The family made the decision that Nancy would move into assisted living directly from her hospital stay. Using some of the tips that I picked up  from the wonderful folks at Chandler Hall in lower Bucks County, PA, we tried to make her new home in assisted living feel as much like her old home as possible so as to reduce confusion and feelings of disorientation. For example, all of the dishes and silverware were in drawers as close to possible as they were before her move to assisted living. Her bedroom and living area were all arranged like before down to the pictures on the walls. We must have done a pretty good job, because Nancy didn’t seem to notice that her apartment had changed. She simply thought that she had new neighbors and new routines. She was happy for the structure that was provided for her. And she seemed to improve with more consistent company of these new friends and neighbors.

Family Care is Still Needed

My sister-in-law Pam was still the contact person and bore the brunt of the responsibility for Nancy’s care and saw Nancy weekly if not more. When Pam noticed changes in Nancy’s behaviors, she would notify the Assisted Living staff and adjustments would be made in her living situation for as long as they could without going into a specific Memory Care Unit. Maintaining consistency and routine is vitally important to patients with dementia. And much as we wanted Nancy to be able to maintain her current living situation, within about 6 to 8 months, it became clear to us that Nancy needed the kind of care that only a qualified Memory Care team could provide. The problem was that meant that Nancy needed to move to yet another facility. Nancy’s steady cognitive decline meant that a move to a new place with different ways of doing things would be more difficult for her. We were told to expect setbacks.

Nancy lives in Florida – not in Bucks County. If she were in Bucks County, Nancy would be able to take advantage of the continuum of care offered at Chandler Hall. By having a complete continuum of care – from Independent living, Personal Care, Assisted Living, Memory Care and beyond, the residents at Chandler Hall can move through their advanced years with a continuity of care, friends, caregivers, and familiar faces in a secure and welcoming environment.

Change is Harder when Memory is a Challenge

One of the things that became apparent in the early days of Nancy’s cognitive decline was that in order to form relationships with people, you need to remember small things about them. Things like their name, where they live, their family story and their friends and connections all help us to stay connected to our sense of who we are and how we relate to where we are. If you can’t remember any of those details, the people around you blend in together leaving you to remember feelings, but unable to remember any of the facts that form the backbone of conversations and relationships. Moving to a new facility would be disorienting. Nancy would need to learn to trust new staff, caregivers and other residents. That might prove to be difficult.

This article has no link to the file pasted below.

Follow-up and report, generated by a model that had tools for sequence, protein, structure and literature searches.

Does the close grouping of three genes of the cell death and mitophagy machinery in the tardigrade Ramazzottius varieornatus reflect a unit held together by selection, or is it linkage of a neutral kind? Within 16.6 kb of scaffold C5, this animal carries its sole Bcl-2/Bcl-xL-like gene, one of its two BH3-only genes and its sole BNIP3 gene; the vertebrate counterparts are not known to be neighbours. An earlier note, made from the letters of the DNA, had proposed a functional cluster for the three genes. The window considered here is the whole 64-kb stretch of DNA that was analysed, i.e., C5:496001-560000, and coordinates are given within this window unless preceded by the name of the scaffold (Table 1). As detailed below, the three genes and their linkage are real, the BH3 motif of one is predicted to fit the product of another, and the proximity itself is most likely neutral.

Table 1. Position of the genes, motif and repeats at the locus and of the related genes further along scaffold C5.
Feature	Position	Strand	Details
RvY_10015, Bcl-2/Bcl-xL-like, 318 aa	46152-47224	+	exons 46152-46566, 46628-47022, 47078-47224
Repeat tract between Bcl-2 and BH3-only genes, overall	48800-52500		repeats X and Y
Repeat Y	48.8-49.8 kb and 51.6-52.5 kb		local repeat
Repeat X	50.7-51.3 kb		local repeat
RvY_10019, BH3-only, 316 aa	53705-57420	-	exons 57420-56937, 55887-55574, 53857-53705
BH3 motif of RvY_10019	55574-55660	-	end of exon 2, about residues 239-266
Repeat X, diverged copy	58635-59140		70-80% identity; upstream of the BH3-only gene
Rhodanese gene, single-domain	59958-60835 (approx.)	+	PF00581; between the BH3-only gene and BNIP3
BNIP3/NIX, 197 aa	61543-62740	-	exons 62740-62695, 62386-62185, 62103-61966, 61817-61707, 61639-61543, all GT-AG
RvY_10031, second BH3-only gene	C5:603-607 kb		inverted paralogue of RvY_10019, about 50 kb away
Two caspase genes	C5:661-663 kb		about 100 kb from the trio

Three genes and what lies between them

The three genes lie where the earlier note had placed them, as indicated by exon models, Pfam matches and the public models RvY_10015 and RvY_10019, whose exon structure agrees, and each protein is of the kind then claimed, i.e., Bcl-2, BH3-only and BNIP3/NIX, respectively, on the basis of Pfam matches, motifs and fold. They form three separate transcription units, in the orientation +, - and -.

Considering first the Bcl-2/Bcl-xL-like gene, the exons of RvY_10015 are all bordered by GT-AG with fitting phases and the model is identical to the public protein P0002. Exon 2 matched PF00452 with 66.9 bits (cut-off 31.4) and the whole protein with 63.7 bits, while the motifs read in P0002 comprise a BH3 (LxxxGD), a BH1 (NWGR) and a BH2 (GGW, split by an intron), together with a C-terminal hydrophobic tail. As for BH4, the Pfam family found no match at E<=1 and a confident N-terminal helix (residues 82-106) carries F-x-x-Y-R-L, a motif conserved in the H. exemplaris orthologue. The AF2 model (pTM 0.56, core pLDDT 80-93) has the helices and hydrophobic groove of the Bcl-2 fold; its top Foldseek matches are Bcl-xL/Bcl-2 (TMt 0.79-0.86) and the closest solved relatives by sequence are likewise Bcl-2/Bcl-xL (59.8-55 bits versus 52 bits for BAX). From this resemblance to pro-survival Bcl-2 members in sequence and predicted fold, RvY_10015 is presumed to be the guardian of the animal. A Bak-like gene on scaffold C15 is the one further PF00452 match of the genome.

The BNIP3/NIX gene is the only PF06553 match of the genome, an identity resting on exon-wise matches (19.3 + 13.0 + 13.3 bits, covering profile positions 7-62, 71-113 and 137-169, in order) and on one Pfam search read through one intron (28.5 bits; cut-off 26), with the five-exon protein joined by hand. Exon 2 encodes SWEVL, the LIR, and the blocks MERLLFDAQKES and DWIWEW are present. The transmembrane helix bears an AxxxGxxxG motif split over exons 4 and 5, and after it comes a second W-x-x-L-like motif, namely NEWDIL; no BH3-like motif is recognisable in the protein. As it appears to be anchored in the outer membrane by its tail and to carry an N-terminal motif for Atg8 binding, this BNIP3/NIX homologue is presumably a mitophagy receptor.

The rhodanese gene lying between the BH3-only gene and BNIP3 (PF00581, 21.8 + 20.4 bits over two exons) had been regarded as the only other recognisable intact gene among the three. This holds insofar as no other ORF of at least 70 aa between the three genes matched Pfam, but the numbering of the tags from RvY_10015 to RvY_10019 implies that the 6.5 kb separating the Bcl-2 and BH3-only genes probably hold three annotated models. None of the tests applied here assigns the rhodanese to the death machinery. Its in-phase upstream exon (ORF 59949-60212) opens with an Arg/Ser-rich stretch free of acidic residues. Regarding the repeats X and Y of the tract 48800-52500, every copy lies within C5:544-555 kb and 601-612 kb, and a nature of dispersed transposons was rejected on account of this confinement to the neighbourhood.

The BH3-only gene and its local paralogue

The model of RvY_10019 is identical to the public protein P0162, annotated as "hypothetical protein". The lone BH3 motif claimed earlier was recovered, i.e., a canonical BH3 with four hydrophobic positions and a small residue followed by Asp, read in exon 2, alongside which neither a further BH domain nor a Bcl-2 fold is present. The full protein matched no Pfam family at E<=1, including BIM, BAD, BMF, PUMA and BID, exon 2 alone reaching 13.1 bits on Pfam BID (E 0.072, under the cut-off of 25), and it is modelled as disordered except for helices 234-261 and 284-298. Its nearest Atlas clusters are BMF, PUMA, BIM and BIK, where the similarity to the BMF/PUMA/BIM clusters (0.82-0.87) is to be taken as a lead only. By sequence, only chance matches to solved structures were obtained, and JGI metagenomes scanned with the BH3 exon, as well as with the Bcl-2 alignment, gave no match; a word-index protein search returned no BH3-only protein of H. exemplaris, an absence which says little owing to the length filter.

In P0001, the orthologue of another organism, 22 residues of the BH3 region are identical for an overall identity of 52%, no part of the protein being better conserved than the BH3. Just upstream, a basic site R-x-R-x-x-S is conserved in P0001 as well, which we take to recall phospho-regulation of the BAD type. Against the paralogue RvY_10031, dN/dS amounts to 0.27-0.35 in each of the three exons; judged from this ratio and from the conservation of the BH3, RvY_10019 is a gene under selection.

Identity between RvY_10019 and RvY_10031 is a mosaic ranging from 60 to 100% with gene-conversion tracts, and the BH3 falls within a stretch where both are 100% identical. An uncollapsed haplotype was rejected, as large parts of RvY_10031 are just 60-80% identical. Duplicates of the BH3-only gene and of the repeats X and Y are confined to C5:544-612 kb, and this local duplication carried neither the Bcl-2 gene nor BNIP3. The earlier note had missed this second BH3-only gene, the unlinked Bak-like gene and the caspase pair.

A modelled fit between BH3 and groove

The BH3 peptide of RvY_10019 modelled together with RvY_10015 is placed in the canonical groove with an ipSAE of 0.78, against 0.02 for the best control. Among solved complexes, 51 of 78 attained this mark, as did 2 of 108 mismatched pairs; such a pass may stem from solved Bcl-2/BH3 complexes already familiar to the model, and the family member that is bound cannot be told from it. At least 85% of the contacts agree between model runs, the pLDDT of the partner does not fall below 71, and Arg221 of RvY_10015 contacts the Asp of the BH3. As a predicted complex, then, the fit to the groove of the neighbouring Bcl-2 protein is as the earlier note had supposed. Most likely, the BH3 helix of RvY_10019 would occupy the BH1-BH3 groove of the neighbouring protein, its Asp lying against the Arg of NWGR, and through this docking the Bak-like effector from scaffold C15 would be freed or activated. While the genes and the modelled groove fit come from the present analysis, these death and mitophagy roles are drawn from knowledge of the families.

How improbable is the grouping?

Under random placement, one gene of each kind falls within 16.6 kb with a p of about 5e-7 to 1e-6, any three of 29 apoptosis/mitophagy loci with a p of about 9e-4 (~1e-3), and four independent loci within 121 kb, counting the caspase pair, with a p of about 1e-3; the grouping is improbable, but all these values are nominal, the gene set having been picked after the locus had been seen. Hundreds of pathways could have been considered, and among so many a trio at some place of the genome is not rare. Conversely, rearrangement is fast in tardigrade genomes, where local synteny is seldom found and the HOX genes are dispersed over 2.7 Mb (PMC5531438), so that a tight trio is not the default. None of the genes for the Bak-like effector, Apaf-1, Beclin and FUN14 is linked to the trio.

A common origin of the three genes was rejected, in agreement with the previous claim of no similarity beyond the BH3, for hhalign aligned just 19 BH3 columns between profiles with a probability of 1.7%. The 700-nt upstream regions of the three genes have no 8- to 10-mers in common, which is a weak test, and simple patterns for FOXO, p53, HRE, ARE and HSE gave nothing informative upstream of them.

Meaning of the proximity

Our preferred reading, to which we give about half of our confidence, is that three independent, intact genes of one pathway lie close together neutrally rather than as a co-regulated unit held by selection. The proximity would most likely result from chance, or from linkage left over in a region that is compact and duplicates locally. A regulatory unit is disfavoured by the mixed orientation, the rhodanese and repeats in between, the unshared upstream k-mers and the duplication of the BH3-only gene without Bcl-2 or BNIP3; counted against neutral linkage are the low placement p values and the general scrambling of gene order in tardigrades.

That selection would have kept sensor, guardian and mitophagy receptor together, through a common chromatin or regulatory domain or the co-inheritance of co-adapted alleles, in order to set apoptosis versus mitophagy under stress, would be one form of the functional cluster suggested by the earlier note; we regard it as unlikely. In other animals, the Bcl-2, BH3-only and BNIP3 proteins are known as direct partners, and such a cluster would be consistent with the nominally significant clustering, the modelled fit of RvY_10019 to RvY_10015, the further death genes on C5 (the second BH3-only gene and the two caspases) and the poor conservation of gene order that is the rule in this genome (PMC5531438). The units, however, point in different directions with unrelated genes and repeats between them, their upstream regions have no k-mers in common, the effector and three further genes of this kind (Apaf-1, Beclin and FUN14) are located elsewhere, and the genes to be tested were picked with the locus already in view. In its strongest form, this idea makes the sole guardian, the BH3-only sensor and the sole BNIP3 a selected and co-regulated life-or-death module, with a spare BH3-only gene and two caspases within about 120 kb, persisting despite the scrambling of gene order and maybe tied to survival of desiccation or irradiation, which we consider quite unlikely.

We have learned through our experience just how important having the ability to access appropriate on-sight care is to our loved ones and also our entire family. Knowing that your loved one has consistent, appropriate, professional care is – quite frankly – everything! It provides enormous peace of mind to both the family and the patient. Plus, it helps to ease the transition anxiety that family members may experience when facing the difficult decision to move their loved one to a different kind of living situation.

Making Hard Decisions

Moves are disruptive – for anyone. We want the best for Nancy and yet we need to respect the process and bring reluctant family members along too. We want people to know who Nancy is – who she really is.  A good family relationship helps, of course. But it is the continuity of care that gives everyone the peace of mind that each resident and their family deserves. Nancy is still present. She has needs, likes and dislikes. There are flashes of her humor, her wit and her personality that appear every day. But we know that the Nancy we know is getting “thinner” every day as she slips further into her dementia-induced isolation. Right now, we are waiting until Nancy hits a point where even the most reluctant of our family members can no longer deny that Nancy needs specific help in Memory Care. And that will mean a harder, more difficult move to yet another facility that “specializes” in Memory Care. 

Nancy’s journey is ongoing. And by default, our family journey is too. So my final word to you is, “Do your homework up front!” When you are considering personal care, assisted living care or memory care for a loved one, think about the importance of having a continuum of care on one campus, with experts who know how to provide the expertise you might need within the framework of a community you will need. And if you are in the Bucks County, Newtown PA area, look into the wonderful programs at Chandler Hall where Person Centered Care is the hallmark of all that they do. 

Independent living

Residential Living at Llenroc- A unique option for Independent Living at Chandler Hall

If you are like most folks investigating Independent Living options in retirement communities, you may find that your choices all feel like versions of the same thing – nice places to live but no personality. That is – unless you have looked at Independent Living at Chandler Hall.